** 8Gb is perfect for the serious music listener with varied taste. Buffs and pros want to go for 16Gb. Occasional listeners will do well with 4Gb. Media moguls, of course, need not apply: that's what the Vision is for.
Overall, one of the best entry-level portable music players on the market. The price tag may well be the deal-breaker here: it is cheaper than any other brand music player, and it does the same things AND, in my opinion, more and better. Support by Creative is also famously good, so I see no reason not to buy a ZEN.
Got my Creative Zen this week, and have been nothing but impressed. It is a sleek, solidly built player. The #1 thing to me is audio quality, and the Zen is a Ten there. I've been using an iAudio U2, and it sounded great; way better than my daughter's Nano. This is just as good if not better.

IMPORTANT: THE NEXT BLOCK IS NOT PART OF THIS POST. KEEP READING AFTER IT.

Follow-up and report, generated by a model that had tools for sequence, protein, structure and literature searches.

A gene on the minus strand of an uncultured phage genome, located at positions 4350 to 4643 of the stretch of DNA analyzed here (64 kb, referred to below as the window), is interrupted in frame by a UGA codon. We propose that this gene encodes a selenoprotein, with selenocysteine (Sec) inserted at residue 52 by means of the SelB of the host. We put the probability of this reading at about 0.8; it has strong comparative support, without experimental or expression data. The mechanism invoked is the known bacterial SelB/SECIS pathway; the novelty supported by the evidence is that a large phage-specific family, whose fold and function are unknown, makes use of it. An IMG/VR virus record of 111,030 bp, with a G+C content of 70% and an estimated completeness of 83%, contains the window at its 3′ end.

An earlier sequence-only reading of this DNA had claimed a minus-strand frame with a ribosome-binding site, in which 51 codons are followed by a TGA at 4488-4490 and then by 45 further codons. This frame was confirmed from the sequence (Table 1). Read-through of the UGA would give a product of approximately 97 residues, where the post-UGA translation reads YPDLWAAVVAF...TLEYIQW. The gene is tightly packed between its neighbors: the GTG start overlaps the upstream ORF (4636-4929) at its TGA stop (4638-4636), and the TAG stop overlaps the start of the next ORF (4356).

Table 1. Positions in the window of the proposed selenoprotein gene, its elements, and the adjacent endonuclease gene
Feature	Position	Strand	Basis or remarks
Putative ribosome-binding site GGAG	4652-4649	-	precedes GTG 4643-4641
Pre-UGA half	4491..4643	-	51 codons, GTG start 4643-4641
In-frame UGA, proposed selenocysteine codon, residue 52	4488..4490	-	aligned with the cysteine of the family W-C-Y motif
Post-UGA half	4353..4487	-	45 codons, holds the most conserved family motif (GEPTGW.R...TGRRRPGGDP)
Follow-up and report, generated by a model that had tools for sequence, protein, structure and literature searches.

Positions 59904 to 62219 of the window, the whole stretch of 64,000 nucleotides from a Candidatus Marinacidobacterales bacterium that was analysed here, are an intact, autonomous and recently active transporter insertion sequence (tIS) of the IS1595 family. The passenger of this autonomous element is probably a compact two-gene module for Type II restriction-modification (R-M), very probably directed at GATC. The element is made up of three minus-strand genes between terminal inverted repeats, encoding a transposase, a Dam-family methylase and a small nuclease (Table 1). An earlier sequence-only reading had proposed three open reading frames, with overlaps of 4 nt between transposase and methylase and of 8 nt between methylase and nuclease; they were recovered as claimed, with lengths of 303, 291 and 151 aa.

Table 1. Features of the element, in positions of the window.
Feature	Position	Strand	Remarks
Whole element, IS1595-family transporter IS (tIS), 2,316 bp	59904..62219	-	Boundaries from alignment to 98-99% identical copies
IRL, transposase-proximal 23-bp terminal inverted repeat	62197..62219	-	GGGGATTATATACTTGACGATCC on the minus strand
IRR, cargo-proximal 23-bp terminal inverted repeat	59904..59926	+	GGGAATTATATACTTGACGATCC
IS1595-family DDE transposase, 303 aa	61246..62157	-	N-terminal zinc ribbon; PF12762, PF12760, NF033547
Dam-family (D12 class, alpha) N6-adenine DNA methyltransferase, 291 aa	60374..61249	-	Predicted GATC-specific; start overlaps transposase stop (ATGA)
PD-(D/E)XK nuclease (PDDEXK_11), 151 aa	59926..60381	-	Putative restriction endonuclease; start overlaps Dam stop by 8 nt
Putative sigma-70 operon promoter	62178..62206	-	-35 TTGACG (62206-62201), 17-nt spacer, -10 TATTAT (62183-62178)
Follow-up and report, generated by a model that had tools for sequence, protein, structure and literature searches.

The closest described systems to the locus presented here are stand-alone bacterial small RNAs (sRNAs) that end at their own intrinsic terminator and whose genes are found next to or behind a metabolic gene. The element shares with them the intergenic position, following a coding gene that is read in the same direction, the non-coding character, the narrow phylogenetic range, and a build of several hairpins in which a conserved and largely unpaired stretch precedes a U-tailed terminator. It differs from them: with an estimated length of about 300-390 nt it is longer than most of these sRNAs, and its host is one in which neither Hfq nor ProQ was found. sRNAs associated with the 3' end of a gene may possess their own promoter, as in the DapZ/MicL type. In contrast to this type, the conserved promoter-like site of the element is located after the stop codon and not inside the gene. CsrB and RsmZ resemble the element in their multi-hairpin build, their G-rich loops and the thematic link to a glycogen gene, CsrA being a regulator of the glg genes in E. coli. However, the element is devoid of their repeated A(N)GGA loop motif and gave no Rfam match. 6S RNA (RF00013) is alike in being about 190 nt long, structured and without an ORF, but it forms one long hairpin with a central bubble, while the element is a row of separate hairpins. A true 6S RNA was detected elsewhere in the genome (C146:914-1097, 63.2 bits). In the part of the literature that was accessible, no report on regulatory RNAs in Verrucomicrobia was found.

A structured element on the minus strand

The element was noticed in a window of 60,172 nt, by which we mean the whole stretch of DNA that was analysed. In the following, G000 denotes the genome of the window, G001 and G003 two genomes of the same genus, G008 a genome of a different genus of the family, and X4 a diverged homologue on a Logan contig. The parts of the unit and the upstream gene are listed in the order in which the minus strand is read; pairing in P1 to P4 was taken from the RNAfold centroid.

What I was looking for in a player: First, good sound. Second, good battery life. Third, a nice screen for video and photos. I was tempted by the iAudio 7, because of that great battery life and my knowledge of their sound quality. But they're irrelevant in terms of video. The Clix is highly thought of by the techie sites, but it is weak in terms of space (still waiting on the 8 GB) and display (2.2 inches vs. the 2.5 of the Zen). So as a confirmed Apple apostate, when I saw the Zen, with its awesome audio, brilliant video, and SD slot, I knew it was "the one".
It seems a little odd to me that a player can claim to "support" multiple video formats, yet I have to convert almost all of them. And the Zen software seems to convert everything to WMV. But I guess that is just the normal fallout of all these format wars. I have yet to find a video or audio format (including audiobooks .aa, which I haven't seen mentioned as specifically suppported) that I can't (eventually) get on the Zen. And the bottom line: the video looks vivid, the audio sounds awesome.